I generated an Excel spreadsheet to aid in calibrating against a known source. The Y-Factor was recorded for both a calibrated source (5 dB ENR) and the uncalibrated unit at each frequency of interest. The Y-Factor values along with the ENR of the calibrated source were entered into the sheet which calculated the ENR of the uncalibrated unit. Other approaches certainly could be used such as using a transverter with the noise sources and measuring the Y-factor at the IF or at the audio output of the IF radio.
The results of the first units showed a variation of +/- 1.5 dB over the 50 MHz to 10 Ghz range. I believe that with more work the output can be made even flatter across the range.
There are actually two useable diodes on the mixer board. Only one is mounted as to easily accept a positive bias supply. The other can be used either with a negative supply or can be carefully removed and re-soldered in the opposite direction. The white dot (cathode) needs to be connected to the RF bypass/ bias network for a positive supply.
Remove the Chip capacitors from the mixer board before cutting
with a scissors. The board dimensions of 0.4X0.67 inches are not too critical
but should be followed to keep the RF paths very short. After cutting the board,
cut/remove the two traces shown in the picture. Cut the center
pin off the output SMA connector so as to not overlap onto the diode. Position &
solder the center pin onto the board trace and then solder the outside of the connector
to the bottom of the board. Use ¬' wide hobby brass which is .01-. 025 thick to make
a box around the board as shown. Position the brass & then tack in place in a
couple of locations until satisfied with the positioning. Solder the brass to the
bottom side of the board and also the output
connector. Drill a 0.065 dia hole in about the position shown to mount the bias connector. Small coax could probably also be run directly out of the noise generator for bias rather than using a SMA connector.
Install the capacitors and resistors as shown. Temporarily install a 1K resistor in place of the 1.6 K resistor until the required bias current is determined. Connect a current meter in series with the 1-k resistor and a variable supply. Turn on the supply and increase the voltage until the current reaches about 1 milliamperes.
Connect the noise generator output through about 25 dB of attenuation to the setup which will be used to calibrate the ENR and adjust the supply voltage for maximum noise output at the maximum frequency of interest (I used 10368 MHz). Replace the 1k resistor with a resistor as required to operate the noise source at that current form the desired bias supply (I used a regulated 12V).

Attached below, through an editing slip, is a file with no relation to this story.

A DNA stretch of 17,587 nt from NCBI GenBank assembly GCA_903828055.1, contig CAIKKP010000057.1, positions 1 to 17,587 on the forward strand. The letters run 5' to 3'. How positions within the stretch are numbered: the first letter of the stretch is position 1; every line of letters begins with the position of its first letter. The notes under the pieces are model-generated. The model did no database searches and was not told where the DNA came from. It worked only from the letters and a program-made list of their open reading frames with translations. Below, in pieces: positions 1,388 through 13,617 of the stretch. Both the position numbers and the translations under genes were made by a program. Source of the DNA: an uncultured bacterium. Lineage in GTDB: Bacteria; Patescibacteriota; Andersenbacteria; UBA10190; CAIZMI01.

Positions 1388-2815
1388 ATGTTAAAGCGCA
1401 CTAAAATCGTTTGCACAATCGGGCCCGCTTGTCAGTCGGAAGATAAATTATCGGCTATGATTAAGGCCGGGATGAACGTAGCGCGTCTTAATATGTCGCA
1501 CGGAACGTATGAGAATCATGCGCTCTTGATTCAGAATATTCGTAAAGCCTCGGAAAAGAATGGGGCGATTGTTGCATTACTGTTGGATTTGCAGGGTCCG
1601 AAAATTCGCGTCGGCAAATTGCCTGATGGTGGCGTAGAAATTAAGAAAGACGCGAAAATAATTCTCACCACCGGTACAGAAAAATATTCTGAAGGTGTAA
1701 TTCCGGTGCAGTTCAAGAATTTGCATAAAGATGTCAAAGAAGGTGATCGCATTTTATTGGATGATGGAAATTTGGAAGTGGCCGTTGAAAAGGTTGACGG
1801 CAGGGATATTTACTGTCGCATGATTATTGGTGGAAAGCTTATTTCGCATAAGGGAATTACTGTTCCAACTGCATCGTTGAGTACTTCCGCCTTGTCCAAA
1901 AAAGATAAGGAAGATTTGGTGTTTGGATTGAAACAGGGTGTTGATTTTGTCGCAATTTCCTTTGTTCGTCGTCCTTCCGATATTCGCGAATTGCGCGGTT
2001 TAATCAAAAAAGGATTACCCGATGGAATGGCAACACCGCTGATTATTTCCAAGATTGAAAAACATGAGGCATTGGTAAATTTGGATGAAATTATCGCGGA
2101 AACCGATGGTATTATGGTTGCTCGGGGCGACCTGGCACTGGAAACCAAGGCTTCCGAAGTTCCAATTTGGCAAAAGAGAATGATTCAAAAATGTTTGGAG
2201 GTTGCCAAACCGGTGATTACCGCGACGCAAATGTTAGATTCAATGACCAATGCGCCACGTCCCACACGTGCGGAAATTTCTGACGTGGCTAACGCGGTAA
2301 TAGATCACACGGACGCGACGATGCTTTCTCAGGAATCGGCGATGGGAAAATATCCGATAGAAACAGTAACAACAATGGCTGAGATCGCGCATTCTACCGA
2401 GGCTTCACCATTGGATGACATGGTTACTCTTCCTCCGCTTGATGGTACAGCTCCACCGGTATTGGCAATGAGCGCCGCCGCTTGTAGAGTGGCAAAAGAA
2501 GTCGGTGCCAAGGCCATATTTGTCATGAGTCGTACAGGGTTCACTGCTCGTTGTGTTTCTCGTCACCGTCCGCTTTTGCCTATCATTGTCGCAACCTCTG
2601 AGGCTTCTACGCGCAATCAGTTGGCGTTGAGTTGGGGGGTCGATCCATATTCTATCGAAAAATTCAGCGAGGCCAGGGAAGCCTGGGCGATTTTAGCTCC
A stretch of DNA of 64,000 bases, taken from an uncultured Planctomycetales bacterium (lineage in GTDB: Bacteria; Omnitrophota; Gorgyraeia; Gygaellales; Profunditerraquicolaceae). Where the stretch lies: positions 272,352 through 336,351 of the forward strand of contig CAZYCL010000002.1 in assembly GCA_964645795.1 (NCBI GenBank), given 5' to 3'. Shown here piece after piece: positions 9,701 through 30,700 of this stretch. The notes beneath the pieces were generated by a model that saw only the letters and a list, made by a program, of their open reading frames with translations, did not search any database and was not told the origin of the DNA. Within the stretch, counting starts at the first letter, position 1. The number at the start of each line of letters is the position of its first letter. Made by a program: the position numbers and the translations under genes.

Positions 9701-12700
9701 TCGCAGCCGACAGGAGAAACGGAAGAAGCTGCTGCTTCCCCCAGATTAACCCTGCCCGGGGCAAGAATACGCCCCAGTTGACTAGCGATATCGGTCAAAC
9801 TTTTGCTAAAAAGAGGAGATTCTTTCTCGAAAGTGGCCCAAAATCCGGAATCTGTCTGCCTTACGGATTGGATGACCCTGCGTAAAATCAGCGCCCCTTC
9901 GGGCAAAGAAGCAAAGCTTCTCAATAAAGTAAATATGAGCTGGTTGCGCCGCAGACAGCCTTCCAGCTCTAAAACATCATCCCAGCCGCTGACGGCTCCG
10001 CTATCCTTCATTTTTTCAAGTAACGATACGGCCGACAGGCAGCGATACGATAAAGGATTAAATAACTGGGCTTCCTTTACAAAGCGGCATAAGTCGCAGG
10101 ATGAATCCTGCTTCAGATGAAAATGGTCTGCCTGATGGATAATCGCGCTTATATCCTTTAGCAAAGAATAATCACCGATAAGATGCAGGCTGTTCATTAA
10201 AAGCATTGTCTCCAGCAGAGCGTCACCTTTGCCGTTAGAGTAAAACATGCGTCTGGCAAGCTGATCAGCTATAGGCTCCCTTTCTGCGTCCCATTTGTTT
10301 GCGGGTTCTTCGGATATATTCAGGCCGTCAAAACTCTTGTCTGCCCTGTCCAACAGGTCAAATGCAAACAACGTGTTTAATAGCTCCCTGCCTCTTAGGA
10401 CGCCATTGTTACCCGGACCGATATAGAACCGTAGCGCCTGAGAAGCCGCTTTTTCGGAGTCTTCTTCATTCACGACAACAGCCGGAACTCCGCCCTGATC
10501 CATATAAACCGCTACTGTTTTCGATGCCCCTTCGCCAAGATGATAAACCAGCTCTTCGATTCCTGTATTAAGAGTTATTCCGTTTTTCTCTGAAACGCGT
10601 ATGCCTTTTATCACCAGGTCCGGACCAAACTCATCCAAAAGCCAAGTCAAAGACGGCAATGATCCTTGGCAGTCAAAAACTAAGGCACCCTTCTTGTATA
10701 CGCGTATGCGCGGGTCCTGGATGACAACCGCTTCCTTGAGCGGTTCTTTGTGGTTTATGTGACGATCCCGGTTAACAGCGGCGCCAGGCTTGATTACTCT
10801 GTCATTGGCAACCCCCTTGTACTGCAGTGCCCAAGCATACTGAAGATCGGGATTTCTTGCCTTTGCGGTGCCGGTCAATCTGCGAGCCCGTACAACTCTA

Connect the calibrated noise source (5dB ENR assumed at this point) to the test setup and note the Y-factor. Connect the uncalibrated noise source and change the 25-dB attenuator as required to match the Y-Factor of the calibrated source as close as possible. I performed calibration at the following frequencies which were of particular interest for me and for which I had equipment available: 50 MHz, 145 MHz, 436 MHz, 1296 MHz, 2304 MHz, 3456 MHz, 5760 MHz, 10368 MHz. Paul's article goes into the precautions that must be taken when using broad band amplifiers with noise sources to prevent erroneous readings. At each frequency of calibration, the Y-Factor is noted for both the calibrated and uncalibrated source and entered in to the spreadsheet to calculate the ENR for the uncalibrated unit.
The formulas used in the spreadsheet are given below:
Noise Figure Calculation
NF = ENR-10Log(Y-1)
NF = Noise Figure in dB
ENR = Excess noise source in dB
Y = ratio of levels with noise source on/off (not dB)
Equation used for Excel program to calculate NF:
NF = ENR-(10*Log(10^(YdB/10)-1))
YdB is the ratio of levels with noise source on/off in dB
Equation used for calibrating an unknown ENR source against a calibrated unit.
ENRucs is the calculated ENR in dB of the uncalibrated source.
ENRcs is the ENR in dB of the calibrated source.
YdBcs is the Y-Factor (dB) produced by the calibrated source.
YdBucs is the Y-Factor (dB) produced by the uncalibrated source.